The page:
A right to be forgotten online? Forget it
18:30 17 March 2011
Jacob Aron, technology reporter
The European Union plans to create a legal "right to be forgotten" online - but removing embarrassing photos from the web is easier said than done, as one of New Scientist's writers discovered earlier this month.
Speaking at the European parliament yesterday, EU justice commissioner Viviane Reding said websites need give people greater control over their data: "I want to explicitly clarify that people shall have the right - and not only the 'possibility' - to withdraw their consent to data processing."
Reding also warned that sites like Facebook must comply with EU laws, and promised greater powers for national privacy watchdogs. "A US-based social network company that has millions of active users in Europe needs to comply with EU rules," she said.
It's clear that Facebook and others must do more to respect users' privacy, but the nature of the web makes a legal right to be forgotten completely unenforceable in practice. Once you put something online it can easily be copied and widely distributed, and deleting the original will do nothing to stop people finding a copy elsewhere. If you upload an embarrassing video to YouTube and it goes viral there's very little you can do - just ask the Star Wars Kid.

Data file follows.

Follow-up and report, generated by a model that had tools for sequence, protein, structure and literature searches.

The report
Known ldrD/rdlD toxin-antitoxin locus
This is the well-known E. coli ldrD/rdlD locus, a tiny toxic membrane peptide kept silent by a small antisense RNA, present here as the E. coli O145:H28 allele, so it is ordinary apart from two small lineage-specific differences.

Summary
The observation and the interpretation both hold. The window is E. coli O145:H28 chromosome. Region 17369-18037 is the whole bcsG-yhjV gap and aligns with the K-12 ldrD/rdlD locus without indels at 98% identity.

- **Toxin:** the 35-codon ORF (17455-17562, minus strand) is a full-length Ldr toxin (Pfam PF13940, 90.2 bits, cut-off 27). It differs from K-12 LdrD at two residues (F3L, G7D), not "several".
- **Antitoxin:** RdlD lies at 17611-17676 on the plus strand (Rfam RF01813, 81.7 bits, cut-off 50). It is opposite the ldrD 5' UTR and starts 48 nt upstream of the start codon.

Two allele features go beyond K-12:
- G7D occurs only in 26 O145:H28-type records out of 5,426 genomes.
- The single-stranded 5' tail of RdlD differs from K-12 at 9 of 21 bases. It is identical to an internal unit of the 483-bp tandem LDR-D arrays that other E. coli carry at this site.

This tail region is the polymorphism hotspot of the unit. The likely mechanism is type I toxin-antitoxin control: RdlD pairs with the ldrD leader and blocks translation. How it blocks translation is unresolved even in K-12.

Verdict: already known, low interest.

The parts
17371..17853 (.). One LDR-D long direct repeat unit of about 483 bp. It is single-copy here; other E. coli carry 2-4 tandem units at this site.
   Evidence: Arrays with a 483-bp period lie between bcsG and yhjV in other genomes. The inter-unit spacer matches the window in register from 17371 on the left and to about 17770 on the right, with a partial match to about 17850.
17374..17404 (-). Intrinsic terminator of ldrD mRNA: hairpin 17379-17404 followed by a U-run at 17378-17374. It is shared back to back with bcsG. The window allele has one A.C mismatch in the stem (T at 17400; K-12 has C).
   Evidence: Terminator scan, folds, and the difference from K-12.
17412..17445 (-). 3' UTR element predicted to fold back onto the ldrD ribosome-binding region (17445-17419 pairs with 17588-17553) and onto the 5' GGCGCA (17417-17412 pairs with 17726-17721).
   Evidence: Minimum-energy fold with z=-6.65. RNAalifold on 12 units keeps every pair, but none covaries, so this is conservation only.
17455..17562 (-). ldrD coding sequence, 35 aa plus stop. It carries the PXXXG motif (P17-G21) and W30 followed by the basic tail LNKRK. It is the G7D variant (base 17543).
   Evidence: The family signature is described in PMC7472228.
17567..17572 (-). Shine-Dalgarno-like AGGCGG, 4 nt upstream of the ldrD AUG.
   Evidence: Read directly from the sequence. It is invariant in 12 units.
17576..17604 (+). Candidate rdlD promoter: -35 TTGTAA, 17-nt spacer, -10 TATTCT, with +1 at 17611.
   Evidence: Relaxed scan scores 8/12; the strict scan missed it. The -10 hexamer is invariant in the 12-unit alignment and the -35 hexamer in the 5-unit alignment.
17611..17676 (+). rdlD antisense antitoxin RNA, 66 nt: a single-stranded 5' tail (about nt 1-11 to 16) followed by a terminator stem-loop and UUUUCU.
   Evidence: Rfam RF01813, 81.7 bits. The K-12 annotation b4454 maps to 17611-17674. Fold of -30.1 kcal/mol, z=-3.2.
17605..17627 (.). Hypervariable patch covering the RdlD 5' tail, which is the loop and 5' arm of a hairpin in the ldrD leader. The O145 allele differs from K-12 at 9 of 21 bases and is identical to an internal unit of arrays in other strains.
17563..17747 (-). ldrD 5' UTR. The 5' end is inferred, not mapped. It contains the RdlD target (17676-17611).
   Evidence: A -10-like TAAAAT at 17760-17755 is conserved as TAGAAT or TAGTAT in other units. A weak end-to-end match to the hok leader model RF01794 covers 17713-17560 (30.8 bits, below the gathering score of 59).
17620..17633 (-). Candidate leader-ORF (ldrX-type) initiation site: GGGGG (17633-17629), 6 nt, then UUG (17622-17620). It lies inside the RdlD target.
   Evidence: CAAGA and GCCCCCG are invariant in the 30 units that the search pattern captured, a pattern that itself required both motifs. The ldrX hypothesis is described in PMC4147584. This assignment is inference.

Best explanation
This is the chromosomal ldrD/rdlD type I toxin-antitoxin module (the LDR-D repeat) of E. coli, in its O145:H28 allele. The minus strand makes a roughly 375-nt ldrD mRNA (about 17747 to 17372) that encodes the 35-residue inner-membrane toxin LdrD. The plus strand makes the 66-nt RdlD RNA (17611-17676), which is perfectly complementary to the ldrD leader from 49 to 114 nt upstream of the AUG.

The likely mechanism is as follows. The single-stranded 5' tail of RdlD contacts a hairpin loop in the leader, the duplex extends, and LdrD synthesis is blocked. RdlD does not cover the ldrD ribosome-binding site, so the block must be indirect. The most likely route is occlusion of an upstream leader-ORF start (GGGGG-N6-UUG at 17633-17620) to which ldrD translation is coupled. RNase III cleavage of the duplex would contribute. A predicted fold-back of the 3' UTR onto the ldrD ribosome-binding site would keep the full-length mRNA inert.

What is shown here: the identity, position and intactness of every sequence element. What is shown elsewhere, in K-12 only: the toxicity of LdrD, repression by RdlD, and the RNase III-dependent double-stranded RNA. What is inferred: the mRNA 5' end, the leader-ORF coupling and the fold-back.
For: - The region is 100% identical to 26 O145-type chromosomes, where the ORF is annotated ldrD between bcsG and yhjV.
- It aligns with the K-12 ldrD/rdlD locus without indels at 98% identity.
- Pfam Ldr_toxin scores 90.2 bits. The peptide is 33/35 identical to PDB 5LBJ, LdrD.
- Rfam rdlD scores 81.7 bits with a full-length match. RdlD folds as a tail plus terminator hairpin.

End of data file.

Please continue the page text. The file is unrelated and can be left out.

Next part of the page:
While a legal solution to problems of online privacy might be impractical, there are technological alternatives. Earlier this year a team of German researchers developed a technique for creating images with an expiration date. Dubbed X-pire, it encrypts photos with a key that can only be used before a certain date.
Even this isn't 100% effective - if someone accesses the image before the expiration, it's simple for them take a screenshot and copy the image elsewhere. The only real way to ensure fool-proof privacy protection is not placing data online in the first place.